choose how many digits will be shown in the results of calculations;
full precision (equivalent to about 15 decimal digits) is maintained internally
exp notation when checked, always display results in exponential form

The mathematical operations below perform the implicit enter. Some replace the contents of stack register a with a new value; the others consume registers a and b and leave the result in a, afterward moving the contents of c to b, d to c, et cetera. The calculator provides the same precision, usually about 15 decimal digits, as the underlying JavaScript operations. Furnished are two varieties of each two-argument non-commutative operation.

one input, one output conjugate
two inputs, one output divide divide two inputs, one output
multiply reciprocal one input, one output
subtract subtract two inputs, one output
add negate one input, one output

The next functions are in general multiple-valued, so a principal value is returned.

two inputs, one output ath root of b when b = 0, a must be positive real
b to ath power
bth root of a when a = 0, b must be positive real
a to bth power

The next operations are all one-input-one-output, replacing the contents of register a with something new. The implicit enter is performed. Angles are reckoned in radians, not degrees. The definitions are from those given in chapter four of Abramowitz and Stegun.

circular sine principal value of inverse sine circular
cosine principal value of inverse cosine
tangent principal value of inverse tangent
hyperbolic sine principal value of inverse sine hyperbolic
cosine principal value of inverse cosine
tangent principal value of inverse tangent
exponential principal value of natural logarithm
principal value of cube root principal value of square root

For trigonometry, the button legends read inv… instead of the more frequently seen arc… because:

Some of the functions above are not defined for certain inputs (see branch cuts).

not defined … … when both conditions are true
abs (x) > 1 y = 0
abs (x) > 1 y = 0
x = 0 abs (y) > 1
x = 0 abs (y) > 1
x < 1 y = 0
abs (x) > 1 y = 0
x = 0 y = 0

The next operations replace the complex number in register a with a real number. Some information is lost.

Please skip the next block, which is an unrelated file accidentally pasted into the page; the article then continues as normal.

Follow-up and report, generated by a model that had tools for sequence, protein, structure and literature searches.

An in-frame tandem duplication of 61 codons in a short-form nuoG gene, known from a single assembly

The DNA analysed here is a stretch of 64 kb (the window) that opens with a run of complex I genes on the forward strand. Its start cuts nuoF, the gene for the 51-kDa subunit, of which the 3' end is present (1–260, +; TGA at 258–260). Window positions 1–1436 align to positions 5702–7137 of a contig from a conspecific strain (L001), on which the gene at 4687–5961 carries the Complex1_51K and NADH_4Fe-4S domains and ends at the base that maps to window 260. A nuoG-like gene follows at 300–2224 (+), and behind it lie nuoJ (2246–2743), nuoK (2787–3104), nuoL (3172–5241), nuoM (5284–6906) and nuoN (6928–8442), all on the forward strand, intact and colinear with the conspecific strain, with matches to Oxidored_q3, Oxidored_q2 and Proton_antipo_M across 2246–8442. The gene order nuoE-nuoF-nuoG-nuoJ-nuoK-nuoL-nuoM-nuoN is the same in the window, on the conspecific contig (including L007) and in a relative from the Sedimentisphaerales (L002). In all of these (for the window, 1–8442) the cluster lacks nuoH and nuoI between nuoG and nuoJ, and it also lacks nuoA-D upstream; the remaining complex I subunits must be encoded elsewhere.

step 1 step 2
leave the real part unchanged move zero to the imaginary part
calculate the new radius and angle
move the imaginary part to the real part
move the radius to the real part
move the angle to the real part

Because the description of the statistical controls (pictured below) is lengthy, it is on a separate page.

stats univar
weight n n−1 bivar
data count


Following the tradition of RPN calculators, most notably those of Hewlett-Packard, the enter buttons are wider than the others. However, stack manipulation on this calculator does differ from some versions of HP's RPN. For instance, there is no t register whose contents are replicated when the pop (HP calls it drop) button is pushed.

The postfix-with-stack design means that an enhanced version of this calculator could introduce operations with any number of inputs and any number of outputs — such flexibility is fully exploited in languages like Adobe PostScript. With an infix-and-parentheses syntax by contrast, it is awkward for an operation to have more than two inputs or one output.

Keyboards of pocket calculators are, by practical reasons of size, limited to about fifty buttons. As a result, many functions are accessed by way of shift buttons (often called f, g, 2nd, or inv). On the other hand a web page, when viewed on a full-size computer screen, has plenty of room, so no shift buttons are used here. If this calculator were optimized for small-screen handheld devices, shift buttons might become necessary, and fewer than eight registers would likely be displayed.

All JavaScript code is housed in this one file, although some of the documentation is elsewhere. Users may copy, modify, and republish as desired.